We continued to fish the North Jetty, then fished the South Jetty. but no one seemed to be home and we saw very little action on the other boats. So Greg shifted to Plan B and off we went to the sod banks. We scaled down from the 10’s to the 8’s and 9’s, hoping a big blue or striper might make us think differently about our tackle choice.

Greg worked through some good looking water. But like the jetties, the sod banks were not to be, save one bluefish that sucked in an errantly cast clouser off Greg’s fly rod. Greg had short-cast the fly in preparation for a true cast, and the fish struck at boatside. He had it on for 10 seconds and then the leader parted, victim to the blue’s razor grill.

So we moved to our last hope holdout, another of Greg’s “Promised Land” areas, considered highly productive and reliable. The area we fished is simply known as “The Flats” and is an expanse of shallow bay water that will often hold striped bass and bluefish cruising for a good meal in the spring.

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The flats…

Greg had kept in touch with another fishing friend who reported some action on the flats. His friend was getting stripers in a hole he found amidst the shallow grass-bottomed flat. He was drifting over it, then driving upwind at the end of the run and repeating the drift. The schoolie bass were apparently liking the white soft plastic he was casting to them. So Greg steered towards his friend’s boat and had us drifting the flats about 100-200 yards away. We were blind-casting initially when we saw some signs of surface action. We slowly moved above the surface action so we’d drift down on what looked like striped bass chasing bait on top.

Almost immediately I was hooked up to one of the bigger bass of the day. The fish pulled strong and fought hard and was definitely a great way to start the flats bite.

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First bass on the flats. Can you tell I’m happy? (Picture courtesy of Greg Cudnik)

For the next few hours we drifted over that hole and every drift produced schoolie stripers. At times Greg and I were doubled up. Greg fished a crease fly for a while and had some topwater hook-ups which were visually awesome.

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Captain Greg with a nice schoolie.

It was great seeing such a nice mix of schoolie bass – a healthy sign for sure. Some were up in the 20″+ range, while others were smaller, but each one was carefully released to fight another day. Captain Greg is very much a conservationist. He’s not against harvesting a fish on occasion, but prefers to release striped bass, particularly the larger ones.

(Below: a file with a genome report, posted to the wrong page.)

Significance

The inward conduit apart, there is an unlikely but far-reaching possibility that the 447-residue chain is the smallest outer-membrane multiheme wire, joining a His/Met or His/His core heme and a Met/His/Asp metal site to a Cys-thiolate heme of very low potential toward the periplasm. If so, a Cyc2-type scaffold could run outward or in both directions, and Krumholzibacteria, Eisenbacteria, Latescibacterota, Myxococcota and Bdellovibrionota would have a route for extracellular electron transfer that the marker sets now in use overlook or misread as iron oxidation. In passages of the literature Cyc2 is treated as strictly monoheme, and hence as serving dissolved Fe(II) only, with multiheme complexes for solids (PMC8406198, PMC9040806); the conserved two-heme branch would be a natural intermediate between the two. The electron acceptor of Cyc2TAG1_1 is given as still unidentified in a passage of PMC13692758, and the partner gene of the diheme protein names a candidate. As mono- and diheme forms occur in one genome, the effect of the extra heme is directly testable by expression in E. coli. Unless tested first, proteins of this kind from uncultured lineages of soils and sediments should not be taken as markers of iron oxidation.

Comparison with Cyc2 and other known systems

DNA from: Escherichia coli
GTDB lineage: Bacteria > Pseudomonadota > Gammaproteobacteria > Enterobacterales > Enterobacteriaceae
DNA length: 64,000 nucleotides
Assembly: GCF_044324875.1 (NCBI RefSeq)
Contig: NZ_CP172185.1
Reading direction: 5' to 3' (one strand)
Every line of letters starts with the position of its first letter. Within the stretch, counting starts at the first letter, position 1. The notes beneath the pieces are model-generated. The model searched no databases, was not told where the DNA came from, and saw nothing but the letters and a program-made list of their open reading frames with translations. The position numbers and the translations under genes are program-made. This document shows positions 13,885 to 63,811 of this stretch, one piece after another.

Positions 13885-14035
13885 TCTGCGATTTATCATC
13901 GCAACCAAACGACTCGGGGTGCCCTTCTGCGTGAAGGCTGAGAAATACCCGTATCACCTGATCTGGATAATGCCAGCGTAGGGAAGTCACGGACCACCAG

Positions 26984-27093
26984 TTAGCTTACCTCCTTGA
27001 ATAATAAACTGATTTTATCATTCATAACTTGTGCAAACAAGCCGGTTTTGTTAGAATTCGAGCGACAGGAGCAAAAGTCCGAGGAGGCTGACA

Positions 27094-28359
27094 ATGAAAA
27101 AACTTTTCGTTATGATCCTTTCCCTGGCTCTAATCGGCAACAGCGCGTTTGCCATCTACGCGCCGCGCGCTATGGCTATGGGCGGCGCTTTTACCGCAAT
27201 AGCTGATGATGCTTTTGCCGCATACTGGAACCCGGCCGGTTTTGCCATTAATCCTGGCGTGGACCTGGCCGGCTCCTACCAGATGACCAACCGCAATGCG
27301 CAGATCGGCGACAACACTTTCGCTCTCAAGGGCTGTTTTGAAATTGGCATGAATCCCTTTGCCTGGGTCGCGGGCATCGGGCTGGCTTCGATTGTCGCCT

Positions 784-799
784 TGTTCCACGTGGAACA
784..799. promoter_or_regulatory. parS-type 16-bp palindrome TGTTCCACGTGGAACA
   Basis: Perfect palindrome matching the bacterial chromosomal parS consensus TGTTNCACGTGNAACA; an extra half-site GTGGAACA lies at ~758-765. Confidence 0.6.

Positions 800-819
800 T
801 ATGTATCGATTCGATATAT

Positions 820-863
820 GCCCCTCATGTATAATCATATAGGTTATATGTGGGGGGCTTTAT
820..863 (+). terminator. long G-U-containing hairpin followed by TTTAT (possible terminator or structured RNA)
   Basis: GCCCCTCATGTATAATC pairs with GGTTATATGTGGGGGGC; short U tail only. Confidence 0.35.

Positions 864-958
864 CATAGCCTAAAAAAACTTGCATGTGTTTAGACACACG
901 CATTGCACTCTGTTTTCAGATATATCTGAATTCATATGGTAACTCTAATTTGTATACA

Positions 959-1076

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“Go get bigger…”  It takes a striped bass 5 years to reach the 20″ mark and another 10 years to grow past the 40 pound mark… (Picture courtesy of Greg Cudnik)

As the morning aged into noon, the wind came up out of the south. What had started as a hot glassy-calm morning transitioned to a cooler and breezy one. The stronger wind rushed our drift so that each fishing window shortened. The fish were still there and the action continued but the tide was starting to ebb. It was time to leave the flats with the water moving out of the bay. If we waited too long, we’d not make it off the shallows.

We packed it in and left the flats, heading back to the dock. The day had started fast with a nice bluefish, then slowed considerably as we searched the inlet for more life, but ended up in a big way. The spring bite was every bit as good as Greg had said it could be, though it was a very different bite. I had booked the trip thinking we’d get into big blues but instead the highlight of the trip was a non-stop schoolie bite on the flats. We caught some 25+ bass and I once again learned more about the great Barnegat Bay fishery from Captain Greg.

God-willing, I’ll be back next spring. I’ll do more wade fishing and book another trip with Captain Greg. Maybe the bite will be big blues, maybe classy bass in the inlet or off the beach. Whatever it is I’ll welcome the fishing, a new harbinger of spring for me.

 

 

 

Memorial Day, Barnegat Bay, and Roger’s River

Posted in Fishing Conditions, Fishing Reports, Saltwater, Uncategorized, Writing with tags , , on June 2, 2018 by stflyfisher

Oh, I know the sound the river makes,

By dawn, by night, and by day.

But can it stay me through tomorrows,

That may find me far away?